But Alpine’s preseason testing pace is often a case study in why headline times mean very little at this time of year. Although it has never emerged as a front-runner after one of its many slow starts, it has rarely ended up performing as badly as its preseason lap times suggest.

Nevertheless, the messaging from Alpine this year has been somewhat downbeat. From the moment the A524 was launched, the team said it was expecting a slow start, albeit with a platform that will allow for a steep development curve as the season progresses. This message was reiterated at the end of testing, suggesting points might be hard to come by at the opening round.

“We know where we stand,” team principal Bruno Famin said. “We are expecting a challenging start to the year as we continue to learn more and more about our A524 to develop it across the season.”

8. Williams

Fastest lap: 1:30.984 (Day 3, Alex Albon, C4)
Total laps: 299

Williams completed the fewest laps of any team over the three days after losing track time on Wednesday to a driveshaft issue and further time on Thursday to a couple of smaller problems. Nevertheless, the performance of the car looked relatively good, with Albon’s fastest time just 0.2s off Tsunoda’s on the same tyre compound and at the same time on the final day.

One of the main aims over the winter was to build a car that is less sensitive to track conditions and circuit layouts, and the early signs are that the team has made progress in this area. Albon’s race simulation on the final day gave further reason for optimism, and the team looks well placed to sniff around the lower points positions when the teams ahead slip up.

9. Sauber

Fastest lap: 1:30.647 (Day 3, Zhou Guanyu, C4)
Total laps: 379

On the face of it, things looked positive for the rebranded Sauber team in testing. Zhou finished the final day of the test with the third-fastest time, and the team completed the three days with the third-highest lap count overall.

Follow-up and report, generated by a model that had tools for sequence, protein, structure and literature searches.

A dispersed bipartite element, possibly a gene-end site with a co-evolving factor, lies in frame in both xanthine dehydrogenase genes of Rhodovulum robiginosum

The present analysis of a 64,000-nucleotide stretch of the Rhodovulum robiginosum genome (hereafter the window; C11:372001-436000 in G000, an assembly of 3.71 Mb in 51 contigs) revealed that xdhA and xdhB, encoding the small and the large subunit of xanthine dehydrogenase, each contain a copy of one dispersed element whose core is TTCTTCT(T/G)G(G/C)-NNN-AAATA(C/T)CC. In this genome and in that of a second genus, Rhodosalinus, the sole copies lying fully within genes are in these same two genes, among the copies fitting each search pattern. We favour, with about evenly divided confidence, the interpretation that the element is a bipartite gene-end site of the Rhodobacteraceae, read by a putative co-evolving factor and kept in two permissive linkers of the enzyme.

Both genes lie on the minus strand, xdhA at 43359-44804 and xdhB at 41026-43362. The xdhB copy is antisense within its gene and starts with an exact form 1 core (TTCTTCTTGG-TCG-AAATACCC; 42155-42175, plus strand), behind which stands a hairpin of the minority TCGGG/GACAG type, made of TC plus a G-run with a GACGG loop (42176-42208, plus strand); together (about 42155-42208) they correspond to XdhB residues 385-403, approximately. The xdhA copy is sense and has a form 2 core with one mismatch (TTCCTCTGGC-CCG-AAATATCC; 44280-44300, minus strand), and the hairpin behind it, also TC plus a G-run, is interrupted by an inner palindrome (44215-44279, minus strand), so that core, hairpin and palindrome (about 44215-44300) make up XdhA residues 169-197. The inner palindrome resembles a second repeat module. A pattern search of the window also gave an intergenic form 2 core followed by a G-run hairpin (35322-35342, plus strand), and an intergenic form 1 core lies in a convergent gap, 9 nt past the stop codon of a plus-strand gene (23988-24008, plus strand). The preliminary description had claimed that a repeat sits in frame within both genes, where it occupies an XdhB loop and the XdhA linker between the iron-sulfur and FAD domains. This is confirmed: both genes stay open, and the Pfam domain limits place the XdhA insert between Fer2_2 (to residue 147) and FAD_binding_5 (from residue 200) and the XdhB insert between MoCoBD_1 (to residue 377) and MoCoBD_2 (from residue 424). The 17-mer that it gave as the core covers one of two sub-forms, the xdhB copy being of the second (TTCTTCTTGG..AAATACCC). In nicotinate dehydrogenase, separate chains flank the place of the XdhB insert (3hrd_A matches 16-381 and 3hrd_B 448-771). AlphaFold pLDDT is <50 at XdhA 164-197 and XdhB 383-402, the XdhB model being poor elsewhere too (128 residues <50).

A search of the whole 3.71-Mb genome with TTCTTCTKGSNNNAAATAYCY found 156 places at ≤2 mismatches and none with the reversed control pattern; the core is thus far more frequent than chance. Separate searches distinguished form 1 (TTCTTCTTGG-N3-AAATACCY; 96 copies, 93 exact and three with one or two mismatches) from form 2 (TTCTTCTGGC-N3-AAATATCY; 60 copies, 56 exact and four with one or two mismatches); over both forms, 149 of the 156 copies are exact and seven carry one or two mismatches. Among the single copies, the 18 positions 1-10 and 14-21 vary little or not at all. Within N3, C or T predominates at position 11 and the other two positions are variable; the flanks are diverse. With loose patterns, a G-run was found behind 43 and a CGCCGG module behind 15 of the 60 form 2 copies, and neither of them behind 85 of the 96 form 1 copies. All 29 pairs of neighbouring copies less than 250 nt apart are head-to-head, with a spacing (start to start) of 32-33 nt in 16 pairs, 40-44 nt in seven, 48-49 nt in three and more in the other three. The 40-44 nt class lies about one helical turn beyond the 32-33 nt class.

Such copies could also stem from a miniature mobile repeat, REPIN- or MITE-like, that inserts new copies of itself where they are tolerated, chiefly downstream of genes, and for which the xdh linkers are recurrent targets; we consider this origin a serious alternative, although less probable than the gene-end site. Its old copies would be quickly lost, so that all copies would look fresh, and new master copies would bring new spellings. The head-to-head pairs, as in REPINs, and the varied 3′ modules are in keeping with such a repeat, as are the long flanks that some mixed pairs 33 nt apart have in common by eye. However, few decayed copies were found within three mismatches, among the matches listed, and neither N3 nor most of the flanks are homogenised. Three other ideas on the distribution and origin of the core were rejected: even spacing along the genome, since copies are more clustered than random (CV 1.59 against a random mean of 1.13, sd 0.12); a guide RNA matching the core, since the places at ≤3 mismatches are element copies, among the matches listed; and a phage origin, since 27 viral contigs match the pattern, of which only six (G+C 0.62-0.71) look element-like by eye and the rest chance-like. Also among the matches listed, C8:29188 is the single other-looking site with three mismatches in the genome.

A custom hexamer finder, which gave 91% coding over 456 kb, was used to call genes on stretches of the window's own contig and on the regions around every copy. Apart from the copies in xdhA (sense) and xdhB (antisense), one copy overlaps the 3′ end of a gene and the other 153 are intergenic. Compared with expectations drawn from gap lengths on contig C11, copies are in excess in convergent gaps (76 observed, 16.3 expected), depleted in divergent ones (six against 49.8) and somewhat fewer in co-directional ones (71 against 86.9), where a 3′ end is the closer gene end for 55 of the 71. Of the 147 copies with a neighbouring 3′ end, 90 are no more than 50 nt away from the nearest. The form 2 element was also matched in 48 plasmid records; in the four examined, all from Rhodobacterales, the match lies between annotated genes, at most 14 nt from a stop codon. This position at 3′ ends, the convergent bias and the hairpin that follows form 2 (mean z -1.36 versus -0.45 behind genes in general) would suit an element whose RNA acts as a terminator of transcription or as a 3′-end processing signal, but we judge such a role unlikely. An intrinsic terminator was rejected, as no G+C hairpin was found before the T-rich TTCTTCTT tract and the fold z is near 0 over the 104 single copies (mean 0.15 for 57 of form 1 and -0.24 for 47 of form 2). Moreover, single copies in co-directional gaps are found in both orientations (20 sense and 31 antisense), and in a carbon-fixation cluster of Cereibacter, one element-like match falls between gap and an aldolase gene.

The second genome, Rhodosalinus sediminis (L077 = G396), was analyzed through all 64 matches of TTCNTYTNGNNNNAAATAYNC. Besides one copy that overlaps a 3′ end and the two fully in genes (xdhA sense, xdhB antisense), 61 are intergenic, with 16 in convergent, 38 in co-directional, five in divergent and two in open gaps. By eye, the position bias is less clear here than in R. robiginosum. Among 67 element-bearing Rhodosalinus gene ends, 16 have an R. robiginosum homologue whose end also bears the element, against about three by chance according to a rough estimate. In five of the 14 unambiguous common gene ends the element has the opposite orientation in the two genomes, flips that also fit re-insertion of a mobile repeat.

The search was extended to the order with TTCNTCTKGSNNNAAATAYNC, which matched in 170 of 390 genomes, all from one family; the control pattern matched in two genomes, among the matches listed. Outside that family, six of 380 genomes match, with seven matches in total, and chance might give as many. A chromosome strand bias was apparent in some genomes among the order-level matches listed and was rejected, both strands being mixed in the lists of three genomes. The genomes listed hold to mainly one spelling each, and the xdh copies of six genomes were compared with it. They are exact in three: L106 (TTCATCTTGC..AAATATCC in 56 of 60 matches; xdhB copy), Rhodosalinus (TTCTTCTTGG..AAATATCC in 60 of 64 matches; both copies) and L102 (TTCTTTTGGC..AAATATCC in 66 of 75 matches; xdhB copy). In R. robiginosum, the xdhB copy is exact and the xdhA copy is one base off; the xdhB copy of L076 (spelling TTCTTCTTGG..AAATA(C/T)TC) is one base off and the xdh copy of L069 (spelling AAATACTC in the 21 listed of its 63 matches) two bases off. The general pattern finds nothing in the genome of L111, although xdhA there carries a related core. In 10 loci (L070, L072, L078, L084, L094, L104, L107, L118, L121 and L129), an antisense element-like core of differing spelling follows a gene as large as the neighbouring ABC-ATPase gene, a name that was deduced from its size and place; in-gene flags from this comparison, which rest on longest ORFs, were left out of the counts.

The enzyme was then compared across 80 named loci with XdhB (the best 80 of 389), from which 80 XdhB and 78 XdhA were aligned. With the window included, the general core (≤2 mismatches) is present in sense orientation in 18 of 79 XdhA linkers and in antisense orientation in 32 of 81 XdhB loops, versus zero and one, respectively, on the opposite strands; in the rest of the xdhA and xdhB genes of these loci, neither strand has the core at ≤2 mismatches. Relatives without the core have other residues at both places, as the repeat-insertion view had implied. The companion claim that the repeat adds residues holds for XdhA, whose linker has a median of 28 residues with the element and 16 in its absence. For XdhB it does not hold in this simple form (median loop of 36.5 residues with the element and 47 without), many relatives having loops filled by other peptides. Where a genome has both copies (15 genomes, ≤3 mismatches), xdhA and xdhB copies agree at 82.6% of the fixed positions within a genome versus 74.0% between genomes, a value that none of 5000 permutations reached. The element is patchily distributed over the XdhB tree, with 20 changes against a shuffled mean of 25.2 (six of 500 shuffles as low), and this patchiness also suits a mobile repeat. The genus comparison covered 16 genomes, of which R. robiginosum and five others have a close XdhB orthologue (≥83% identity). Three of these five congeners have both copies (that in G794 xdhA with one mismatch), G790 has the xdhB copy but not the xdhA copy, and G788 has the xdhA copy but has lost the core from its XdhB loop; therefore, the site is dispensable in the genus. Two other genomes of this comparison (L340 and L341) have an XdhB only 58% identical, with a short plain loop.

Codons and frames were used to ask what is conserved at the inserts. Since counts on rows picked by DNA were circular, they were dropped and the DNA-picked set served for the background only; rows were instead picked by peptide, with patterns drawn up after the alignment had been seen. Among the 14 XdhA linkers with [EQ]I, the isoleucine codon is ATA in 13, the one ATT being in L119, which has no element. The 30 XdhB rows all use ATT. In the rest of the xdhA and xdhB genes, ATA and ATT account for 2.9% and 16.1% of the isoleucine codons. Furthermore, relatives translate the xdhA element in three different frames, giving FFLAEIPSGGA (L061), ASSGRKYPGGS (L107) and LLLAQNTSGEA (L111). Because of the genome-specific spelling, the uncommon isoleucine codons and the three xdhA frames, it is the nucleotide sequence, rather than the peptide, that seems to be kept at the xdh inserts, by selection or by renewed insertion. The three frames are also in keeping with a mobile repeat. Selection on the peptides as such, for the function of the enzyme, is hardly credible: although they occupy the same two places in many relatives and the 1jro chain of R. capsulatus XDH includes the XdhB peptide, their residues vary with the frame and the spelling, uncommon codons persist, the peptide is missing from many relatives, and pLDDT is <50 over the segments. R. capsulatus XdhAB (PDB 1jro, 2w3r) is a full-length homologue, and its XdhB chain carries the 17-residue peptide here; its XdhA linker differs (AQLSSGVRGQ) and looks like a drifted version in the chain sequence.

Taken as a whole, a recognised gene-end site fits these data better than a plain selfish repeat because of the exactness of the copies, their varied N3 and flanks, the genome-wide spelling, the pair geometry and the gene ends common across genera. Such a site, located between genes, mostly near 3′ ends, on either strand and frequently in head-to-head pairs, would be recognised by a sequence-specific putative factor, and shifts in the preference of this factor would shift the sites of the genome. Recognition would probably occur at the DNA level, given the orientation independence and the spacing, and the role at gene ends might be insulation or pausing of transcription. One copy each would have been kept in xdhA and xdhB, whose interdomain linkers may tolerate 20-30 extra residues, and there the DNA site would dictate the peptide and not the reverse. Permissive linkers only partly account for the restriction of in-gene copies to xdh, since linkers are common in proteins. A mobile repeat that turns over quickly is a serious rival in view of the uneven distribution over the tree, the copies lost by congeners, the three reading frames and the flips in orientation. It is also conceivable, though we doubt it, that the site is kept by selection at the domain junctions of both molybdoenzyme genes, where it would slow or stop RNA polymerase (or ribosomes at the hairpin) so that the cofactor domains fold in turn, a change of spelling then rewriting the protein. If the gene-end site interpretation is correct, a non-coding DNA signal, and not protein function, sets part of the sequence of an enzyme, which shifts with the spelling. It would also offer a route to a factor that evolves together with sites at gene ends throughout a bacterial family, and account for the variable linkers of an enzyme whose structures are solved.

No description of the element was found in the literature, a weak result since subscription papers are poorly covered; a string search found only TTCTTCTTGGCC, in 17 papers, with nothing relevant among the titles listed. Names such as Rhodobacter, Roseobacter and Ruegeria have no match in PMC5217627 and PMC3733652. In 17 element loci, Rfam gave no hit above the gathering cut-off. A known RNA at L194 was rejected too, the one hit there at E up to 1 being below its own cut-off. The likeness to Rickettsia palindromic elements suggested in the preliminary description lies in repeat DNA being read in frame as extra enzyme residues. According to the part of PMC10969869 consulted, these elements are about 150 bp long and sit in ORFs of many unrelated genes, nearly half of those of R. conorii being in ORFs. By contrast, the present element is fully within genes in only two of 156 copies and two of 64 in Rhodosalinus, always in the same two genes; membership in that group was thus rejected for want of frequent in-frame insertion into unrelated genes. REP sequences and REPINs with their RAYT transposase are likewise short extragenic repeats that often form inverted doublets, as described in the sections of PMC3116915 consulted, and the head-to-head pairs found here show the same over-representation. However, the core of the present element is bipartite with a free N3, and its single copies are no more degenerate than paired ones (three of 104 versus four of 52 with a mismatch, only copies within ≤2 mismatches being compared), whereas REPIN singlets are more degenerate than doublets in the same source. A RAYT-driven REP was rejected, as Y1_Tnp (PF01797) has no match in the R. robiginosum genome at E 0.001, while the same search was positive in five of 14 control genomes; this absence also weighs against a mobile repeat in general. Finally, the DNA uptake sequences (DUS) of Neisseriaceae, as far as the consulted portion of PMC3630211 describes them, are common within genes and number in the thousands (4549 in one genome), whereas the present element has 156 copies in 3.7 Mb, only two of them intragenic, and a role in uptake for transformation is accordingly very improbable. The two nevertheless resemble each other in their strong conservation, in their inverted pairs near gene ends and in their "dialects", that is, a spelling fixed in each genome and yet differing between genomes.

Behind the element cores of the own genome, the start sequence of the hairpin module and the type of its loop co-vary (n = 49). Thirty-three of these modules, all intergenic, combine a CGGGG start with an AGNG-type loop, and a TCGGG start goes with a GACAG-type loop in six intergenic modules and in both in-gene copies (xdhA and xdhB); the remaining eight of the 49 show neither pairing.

Just as Alpine has often looked slow in testing only to show its true performance over the opening rounds of the season, though, Sauber often flatters to deceive at this time of year. Also, although the team has been competitive at the Bahrain International Circuit in recent years, it has then struggled to translate that pace across a variety of venues.

A higher position on this list could be justified, but with the field so tight, Sauber needs to be on the very top of its game to get out of Q1 and in the mix for early-season points.

10. Haas

Fastest lap: 1:31.686 (Day 3, Nico Hülkenberg, C3)
Total laps: 441

There were concerns ahead of the season that Haas might be cut adrift from the rest of the pack this year, but those fears seem to have been allayed during last week’s test. Although it’s hard to put Haas anywhere other than the bottom of this list, that doesn’t mean its two drivers will automatically fill the back row when the first race gets underway.

Slow lap times early in the test were largely due to the team focusing on its biggest weakness from last season: race pace. Haas believes it has made progress in that area, with new team principal Ayao Komatsu saying it has now got “a base car that we can actually race.”

The focus on heavy-fuel running means the team did not attempt any low-fuel runs until the final day of the test, but it is confident that means it still has plenty of performance to unlock over the course of the Bahrain race weekend.